hexahedria

Daniel Johnson's personal fragment of the web

Modular Conway’s Game of Life in Logisim

In CS 42 we are starting a unit on low-level computing. As a part of that, we are using a program called Logisim, a program that allows you to build virtual circuits. Of course, after experimenting with it, I had some ideas. So, without further ado, my modular Conway's Game of Life implementation in Logisim!

"Modular"? How so? Basically, I designed the circuit as a grid of cells. Each cell is a square subcircuit, and they connect to each other on the sides. There is also a clock signal that is propagated through the grid to synchronize the updates.

Here's a video of it in action:

(Note: The second starting pattern, the R-pentomino, creates a much larger pattern when the grid is unbounded. The outermost row of cells, however, never turn on because they do not have 8 neighbors and thus cannot calculate their next state, so the R-pentomino's pattern never expands past the inner 6x6 grid and thus dies out quickly.)

At the highest level, this screenshot shows how the main circuit looks:

Top-View-cropped

Those 0s are there because I couldn't get buttons to work reliably. Sometimes clicking a button would work, sometimes Logisim would decide I wanted to select the subcircuit instead. So I replaced it with a constant that I can change the value of.

Cell-cropped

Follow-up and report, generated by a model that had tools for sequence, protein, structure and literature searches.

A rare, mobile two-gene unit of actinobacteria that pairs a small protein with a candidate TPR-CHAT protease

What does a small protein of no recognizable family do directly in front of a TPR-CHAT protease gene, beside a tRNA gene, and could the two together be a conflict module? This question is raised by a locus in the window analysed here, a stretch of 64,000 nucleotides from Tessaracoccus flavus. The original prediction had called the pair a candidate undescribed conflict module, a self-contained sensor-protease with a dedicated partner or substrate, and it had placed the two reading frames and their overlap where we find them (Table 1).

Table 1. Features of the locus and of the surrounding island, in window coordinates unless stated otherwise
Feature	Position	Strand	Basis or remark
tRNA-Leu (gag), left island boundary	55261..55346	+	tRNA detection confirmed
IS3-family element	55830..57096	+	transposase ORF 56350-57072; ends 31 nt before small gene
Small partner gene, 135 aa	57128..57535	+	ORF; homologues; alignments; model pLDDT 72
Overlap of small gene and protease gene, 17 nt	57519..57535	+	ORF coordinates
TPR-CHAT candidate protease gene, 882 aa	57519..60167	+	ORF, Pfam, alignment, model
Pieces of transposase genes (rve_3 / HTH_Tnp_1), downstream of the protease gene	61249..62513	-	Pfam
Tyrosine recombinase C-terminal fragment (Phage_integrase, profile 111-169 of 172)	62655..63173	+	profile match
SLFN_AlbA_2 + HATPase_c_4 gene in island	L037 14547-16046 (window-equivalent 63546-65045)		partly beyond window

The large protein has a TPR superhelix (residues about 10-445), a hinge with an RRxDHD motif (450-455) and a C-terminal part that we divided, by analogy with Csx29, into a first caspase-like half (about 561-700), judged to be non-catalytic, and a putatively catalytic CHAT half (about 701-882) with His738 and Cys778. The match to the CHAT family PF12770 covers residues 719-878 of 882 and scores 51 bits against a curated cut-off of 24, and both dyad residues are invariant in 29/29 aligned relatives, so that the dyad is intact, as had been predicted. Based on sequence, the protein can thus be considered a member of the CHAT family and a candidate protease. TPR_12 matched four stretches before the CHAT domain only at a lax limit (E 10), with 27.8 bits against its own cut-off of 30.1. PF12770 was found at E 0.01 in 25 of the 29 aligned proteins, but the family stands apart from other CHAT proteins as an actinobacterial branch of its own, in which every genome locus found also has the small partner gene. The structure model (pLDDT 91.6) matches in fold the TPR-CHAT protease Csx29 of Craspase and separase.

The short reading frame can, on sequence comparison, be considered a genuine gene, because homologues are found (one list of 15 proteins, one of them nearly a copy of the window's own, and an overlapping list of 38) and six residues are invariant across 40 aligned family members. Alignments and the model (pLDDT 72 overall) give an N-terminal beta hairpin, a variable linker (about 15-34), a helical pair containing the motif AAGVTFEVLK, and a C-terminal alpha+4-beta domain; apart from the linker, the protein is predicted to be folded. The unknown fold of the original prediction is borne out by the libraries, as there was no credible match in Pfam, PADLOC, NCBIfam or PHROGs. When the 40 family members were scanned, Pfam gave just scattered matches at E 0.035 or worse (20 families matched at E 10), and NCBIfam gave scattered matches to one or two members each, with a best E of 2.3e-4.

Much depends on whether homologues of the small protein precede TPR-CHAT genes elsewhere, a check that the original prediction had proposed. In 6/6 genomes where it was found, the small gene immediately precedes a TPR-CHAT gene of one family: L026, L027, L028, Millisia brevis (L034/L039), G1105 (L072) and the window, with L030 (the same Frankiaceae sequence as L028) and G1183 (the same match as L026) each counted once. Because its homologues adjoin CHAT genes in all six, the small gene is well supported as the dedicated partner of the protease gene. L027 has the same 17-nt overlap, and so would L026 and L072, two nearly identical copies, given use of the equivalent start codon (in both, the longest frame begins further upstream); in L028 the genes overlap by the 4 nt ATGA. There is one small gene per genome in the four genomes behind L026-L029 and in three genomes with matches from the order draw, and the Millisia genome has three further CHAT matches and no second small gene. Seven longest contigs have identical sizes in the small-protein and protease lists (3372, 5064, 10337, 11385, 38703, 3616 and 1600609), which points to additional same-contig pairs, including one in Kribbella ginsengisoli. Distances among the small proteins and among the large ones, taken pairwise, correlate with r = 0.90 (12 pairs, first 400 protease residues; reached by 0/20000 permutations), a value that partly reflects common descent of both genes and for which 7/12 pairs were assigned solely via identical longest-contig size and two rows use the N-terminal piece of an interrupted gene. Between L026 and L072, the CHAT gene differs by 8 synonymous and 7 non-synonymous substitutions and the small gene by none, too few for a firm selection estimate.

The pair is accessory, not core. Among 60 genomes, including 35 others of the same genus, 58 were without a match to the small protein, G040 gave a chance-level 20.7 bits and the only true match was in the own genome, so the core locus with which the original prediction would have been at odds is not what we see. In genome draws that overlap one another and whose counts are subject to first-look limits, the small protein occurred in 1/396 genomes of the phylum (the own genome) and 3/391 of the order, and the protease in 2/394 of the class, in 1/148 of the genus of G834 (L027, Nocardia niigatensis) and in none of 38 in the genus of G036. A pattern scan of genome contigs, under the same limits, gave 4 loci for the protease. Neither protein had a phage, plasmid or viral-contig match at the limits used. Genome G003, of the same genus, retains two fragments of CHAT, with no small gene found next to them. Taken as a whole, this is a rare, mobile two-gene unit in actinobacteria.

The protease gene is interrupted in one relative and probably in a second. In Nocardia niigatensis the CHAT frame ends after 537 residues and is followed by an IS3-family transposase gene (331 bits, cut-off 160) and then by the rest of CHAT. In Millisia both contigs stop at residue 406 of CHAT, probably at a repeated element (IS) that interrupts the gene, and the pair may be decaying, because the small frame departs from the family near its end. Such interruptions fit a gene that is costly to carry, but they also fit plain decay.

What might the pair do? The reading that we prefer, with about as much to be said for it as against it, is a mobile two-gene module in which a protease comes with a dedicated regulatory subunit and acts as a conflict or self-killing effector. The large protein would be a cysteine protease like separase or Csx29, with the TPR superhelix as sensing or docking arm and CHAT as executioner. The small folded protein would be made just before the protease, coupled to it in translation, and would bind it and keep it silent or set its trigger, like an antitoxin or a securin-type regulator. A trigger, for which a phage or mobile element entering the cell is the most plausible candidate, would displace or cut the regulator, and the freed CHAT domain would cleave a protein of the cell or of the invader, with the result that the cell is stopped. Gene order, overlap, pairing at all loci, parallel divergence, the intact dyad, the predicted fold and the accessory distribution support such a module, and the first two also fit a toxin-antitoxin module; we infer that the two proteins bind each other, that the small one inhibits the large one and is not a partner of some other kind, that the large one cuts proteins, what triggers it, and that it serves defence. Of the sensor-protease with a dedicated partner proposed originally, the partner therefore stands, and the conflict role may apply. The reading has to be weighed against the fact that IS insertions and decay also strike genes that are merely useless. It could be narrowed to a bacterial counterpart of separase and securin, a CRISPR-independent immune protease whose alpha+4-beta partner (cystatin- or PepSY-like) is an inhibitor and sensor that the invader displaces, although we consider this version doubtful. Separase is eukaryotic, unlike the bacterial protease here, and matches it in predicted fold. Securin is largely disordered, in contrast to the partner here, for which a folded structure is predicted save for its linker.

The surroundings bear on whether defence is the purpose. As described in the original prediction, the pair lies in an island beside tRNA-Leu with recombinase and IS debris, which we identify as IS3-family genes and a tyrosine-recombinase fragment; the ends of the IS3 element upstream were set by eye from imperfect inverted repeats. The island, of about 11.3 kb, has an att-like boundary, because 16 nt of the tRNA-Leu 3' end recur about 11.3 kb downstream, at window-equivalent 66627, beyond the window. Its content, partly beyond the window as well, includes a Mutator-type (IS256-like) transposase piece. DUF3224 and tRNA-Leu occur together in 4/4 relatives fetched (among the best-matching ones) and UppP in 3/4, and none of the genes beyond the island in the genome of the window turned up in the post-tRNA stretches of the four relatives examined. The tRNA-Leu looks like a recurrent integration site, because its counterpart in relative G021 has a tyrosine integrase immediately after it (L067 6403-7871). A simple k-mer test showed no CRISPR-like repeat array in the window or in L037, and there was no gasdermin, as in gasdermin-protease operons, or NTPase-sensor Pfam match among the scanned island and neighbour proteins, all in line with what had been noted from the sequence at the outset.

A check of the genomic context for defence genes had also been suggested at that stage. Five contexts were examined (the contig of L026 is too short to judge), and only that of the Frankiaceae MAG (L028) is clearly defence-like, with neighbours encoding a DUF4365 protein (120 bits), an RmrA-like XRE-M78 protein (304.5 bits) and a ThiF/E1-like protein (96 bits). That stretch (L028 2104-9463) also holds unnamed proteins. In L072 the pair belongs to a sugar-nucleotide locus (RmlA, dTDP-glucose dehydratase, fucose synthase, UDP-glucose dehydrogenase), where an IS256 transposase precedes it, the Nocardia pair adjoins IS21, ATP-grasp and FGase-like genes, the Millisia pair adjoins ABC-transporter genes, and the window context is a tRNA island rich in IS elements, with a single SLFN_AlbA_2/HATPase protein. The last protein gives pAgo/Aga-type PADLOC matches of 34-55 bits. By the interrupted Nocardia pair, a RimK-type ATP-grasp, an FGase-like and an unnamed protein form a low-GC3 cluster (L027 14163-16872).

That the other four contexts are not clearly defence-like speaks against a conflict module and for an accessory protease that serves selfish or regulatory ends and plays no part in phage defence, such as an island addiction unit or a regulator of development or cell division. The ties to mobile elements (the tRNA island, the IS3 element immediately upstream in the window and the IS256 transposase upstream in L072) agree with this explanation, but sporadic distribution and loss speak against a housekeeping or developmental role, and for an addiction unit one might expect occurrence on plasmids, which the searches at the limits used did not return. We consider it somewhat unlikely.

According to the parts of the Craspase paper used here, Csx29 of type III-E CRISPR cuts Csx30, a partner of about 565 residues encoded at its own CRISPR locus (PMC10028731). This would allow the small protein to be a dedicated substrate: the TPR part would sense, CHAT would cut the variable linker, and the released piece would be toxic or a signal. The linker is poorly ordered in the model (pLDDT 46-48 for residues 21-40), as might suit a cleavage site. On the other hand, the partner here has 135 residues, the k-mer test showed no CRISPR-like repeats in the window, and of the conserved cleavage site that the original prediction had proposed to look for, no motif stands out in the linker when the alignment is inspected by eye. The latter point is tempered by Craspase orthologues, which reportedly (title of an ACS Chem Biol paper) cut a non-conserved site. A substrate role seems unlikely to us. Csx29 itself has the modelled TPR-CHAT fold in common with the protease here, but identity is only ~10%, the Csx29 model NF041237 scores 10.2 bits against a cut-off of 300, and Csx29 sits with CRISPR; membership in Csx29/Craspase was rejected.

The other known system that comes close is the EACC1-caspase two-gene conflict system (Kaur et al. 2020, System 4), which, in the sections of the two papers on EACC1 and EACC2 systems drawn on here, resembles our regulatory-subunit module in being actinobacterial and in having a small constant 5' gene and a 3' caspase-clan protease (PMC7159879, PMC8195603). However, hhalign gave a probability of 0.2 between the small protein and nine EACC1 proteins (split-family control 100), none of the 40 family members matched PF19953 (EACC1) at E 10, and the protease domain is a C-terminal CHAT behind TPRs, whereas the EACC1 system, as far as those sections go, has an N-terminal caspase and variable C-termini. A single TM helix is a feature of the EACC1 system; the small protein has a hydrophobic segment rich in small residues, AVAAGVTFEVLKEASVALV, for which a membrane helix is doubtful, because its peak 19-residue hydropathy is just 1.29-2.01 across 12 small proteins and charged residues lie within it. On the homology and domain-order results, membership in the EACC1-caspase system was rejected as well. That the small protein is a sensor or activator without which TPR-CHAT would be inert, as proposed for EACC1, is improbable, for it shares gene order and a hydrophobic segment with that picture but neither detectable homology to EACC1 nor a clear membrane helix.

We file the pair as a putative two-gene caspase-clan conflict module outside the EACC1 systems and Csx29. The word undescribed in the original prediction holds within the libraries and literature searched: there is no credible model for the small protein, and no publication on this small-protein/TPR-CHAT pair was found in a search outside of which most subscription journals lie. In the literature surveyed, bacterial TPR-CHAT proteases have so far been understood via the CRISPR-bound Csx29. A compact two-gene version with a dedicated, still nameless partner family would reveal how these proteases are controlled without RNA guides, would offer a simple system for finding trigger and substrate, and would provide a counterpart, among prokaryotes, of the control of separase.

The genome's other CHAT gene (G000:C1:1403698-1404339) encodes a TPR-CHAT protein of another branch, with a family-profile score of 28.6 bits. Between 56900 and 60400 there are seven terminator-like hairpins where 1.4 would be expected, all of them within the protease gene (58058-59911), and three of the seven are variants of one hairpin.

Each cell consists of a subcircuit and 4 virtual LEDs. The contents of the cell subcircuit are mainly wires that connect all the outputs to a "brain" subcircuit. The inputs and outputs are arranged in such a way that each cell can communicate with all 8 of its neighbors, as well as pass a clock signal down the columns.

Brain-cropped

The brain circuit contains logic that keeps the cells synchronized with each other. There are two D-latches, and each is triggered by a different edge of the clock signal. When the clock rises to 1, it stores the next state for the cell and updates the LEDs, and when the clock falls to 0, it propagates the state to the neighbor cells. There is also a "resettable toggle": a simple subcircuit that allows one to toggle the current state of the cell using the button (actually the 0s), but then revert to the non-toggled state on the next update.

Toggle-cropped

The larger circuit in the brain subcircuit is the meat of the Conway's Game of Life simulation. It uses some of Logisim's math circuits to count the number of activated numbers and determine whether or not the cell should be alive in the next clock tick.

ConwaysMath-cropped

The great thing about the modular design is that by duplicating the cells, we can increase the size of the simulation to any arbitrary size. In this case, I made an 8x8 cell grid, but any dimensions are theoretically possible. (Unless Logisim decides to crash, which it tends to do.)

For example, here's a (slightly blurry) animation of a larger simulation I ran of a glider (with additional stuff on the sides to make it wrap around). Logisim did not like this, and kept having issues with random cells when I would reopen the file, but I finally got it to work.

Glider

If you want to download the file, you can do so here.

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